The remnants of the archaic belief in conjunction with the features of the social psychology of the demos and the image of the hated life of aristocracy formed the ideal of individual happiness, which is relatively more realistic. The basis of this ideal was the golden middle principle. This principle was important for the Athenian citizens: in the speech against Timarchus hoping to win the support of the judges, Aeschines said that he did not need much, and he did not want more. In fact, the aforementioned principle is a widely popular practice in the modern world.
Herodotus provides the most detailed description of a Greek ideal of happiness at the time in his story of Croesus and Solon. Lydian king Croesus was famous for his wealth due to the fact that a river of golden sand flowed through his capital, Sardis. When Solon came to visit him, Croesus showed him the treasures and asked whether Solon met the happiest person in the world. Croesus hoped that Solon would call him the luckiest one. However, Solon said that the happiest person was an Athenian peasant, Tellus: he was prosperous, had sons and grandsons, and died valiantly fighting for their city. He was buried at the public expense: people wanted to pay him homage posthumously. Furthermore, Solon called the two young men the second happiest people. Their mother was a priestess in the temple of the goddess Hera. During the citywide celebrations in accordance with a ritual, the oxen should have brought the woman in a cart to the temple. However, her sons pulled it instead of the bulls because the animals were far in the field. When the mother asked the goddess to reward them, the young men went to sleep in the temple of the goddess and never woke up. Similarly, the city also honored them posthumously. As a result, it is obvious that happiness could not be achieved through extremes.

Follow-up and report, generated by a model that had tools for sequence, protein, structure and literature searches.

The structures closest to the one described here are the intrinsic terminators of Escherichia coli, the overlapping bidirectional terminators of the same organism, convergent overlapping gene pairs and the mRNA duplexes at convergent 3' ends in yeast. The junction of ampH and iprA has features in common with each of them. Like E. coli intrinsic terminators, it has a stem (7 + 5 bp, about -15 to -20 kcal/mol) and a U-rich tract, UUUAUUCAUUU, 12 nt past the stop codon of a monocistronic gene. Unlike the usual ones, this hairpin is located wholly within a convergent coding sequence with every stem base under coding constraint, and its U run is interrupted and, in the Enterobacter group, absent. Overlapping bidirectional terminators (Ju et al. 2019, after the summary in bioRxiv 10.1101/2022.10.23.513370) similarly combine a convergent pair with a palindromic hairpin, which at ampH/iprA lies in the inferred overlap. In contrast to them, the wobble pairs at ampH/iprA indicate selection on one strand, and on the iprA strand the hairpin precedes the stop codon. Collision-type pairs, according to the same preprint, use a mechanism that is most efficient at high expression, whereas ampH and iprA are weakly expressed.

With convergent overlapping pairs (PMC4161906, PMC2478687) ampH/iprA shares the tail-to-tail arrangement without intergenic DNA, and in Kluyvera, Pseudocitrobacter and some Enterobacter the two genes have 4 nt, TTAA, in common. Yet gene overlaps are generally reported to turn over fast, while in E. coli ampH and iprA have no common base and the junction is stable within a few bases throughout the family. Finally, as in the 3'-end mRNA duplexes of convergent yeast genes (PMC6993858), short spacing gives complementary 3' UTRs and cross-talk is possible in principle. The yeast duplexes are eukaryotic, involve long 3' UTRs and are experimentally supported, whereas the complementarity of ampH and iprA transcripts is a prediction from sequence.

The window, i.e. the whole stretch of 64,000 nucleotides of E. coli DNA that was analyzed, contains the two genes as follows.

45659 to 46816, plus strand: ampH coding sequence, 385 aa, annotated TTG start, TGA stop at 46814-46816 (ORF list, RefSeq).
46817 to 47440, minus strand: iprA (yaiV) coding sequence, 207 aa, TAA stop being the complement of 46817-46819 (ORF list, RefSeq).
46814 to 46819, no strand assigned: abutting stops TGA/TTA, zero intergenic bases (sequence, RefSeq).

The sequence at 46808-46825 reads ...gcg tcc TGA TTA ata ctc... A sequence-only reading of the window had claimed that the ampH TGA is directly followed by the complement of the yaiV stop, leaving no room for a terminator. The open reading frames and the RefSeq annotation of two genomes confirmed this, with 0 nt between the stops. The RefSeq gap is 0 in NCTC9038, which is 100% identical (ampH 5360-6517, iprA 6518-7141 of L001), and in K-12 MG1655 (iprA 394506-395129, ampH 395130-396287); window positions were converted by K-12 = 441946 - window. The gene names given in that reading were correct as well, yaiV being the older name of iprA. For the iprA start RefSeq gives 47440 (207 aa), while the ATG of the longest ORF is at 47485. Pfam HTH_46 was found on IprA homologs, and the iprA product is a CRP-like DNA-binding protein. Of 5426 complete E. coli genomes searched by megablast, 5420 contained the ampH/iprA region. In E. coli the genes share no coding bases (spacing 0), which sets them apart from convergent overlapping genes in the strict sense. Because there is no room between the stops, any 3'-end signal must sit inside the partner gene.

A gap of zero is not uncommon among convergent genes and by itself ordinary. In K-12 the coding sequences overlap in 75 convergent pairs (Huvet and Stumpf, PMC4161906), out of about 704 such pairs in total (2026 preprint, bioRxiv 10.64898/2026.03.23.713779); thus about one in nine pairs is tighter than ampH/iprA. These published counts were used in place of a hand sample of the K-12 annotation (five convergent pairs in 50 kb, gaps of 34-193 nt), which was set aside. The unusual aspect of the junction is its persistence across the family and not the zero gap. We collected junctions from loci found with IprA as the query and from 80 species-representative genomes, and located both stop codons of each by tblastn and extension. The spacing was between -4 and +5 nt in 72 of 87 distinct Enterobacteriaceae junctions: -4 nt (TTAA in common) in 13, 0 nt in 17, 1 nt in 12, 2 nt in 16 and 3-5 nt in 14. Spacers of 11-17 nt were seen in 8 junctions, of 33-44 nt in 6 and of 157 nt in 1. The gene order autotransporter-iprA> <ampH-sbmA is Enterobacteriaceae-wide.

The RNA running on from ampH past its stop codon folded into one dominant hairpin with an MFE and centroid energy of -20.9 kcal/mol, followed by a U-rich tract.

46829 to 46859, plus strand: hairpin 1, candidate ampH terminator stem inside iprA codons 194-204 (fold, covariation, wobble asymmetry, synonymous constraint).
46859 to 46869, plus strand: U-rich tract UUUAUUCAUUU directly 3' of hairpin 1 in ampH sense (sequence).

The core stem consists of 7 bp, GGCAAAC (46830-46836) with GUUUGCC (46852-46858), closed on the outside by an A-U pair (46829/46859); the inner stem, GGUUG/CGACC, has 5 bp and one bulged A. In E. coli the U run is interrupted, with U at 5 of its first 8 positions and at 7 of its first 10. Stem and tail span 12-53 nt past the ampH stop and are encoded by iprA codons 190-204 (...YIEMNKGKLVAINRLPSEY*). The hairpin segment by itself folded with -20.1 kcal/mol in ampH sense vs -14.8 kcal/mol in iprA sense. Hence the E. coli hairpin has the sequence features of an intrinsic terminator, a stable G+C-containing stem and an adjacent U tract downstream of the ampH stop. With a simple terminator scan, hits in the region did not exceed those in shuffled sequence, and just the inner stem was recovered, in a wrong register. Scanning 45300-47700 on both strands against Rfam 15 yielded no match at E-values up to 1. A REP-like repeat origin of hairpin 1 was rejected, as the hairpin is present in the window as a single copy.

Thus, in Ancient Greece, the ideal of a happy life included a family, a certain property but not excessive wealth, service to one’s native land, painless or quick death and, recognition of the public that would honor a person in life and death. This concept can be viewed as an absolutely male perspective: there was no place for love, and men, as it can be seen in the speeches addressed to a fairly wide audience, did not connect the concepts of love and happiness. In fact, a sophist and a teacher of eloquence, Gorgias delivered a speech in defense of Helen, who was believed to be a reason of the Trojan War. Speaking of love as one of the possible reasons for the flight of Helen and Paris, Gorgias calls love a human disease while feelings are a mental eclipse. Thus, one would not need to condemn her, and the situation can be considered as a misfortune.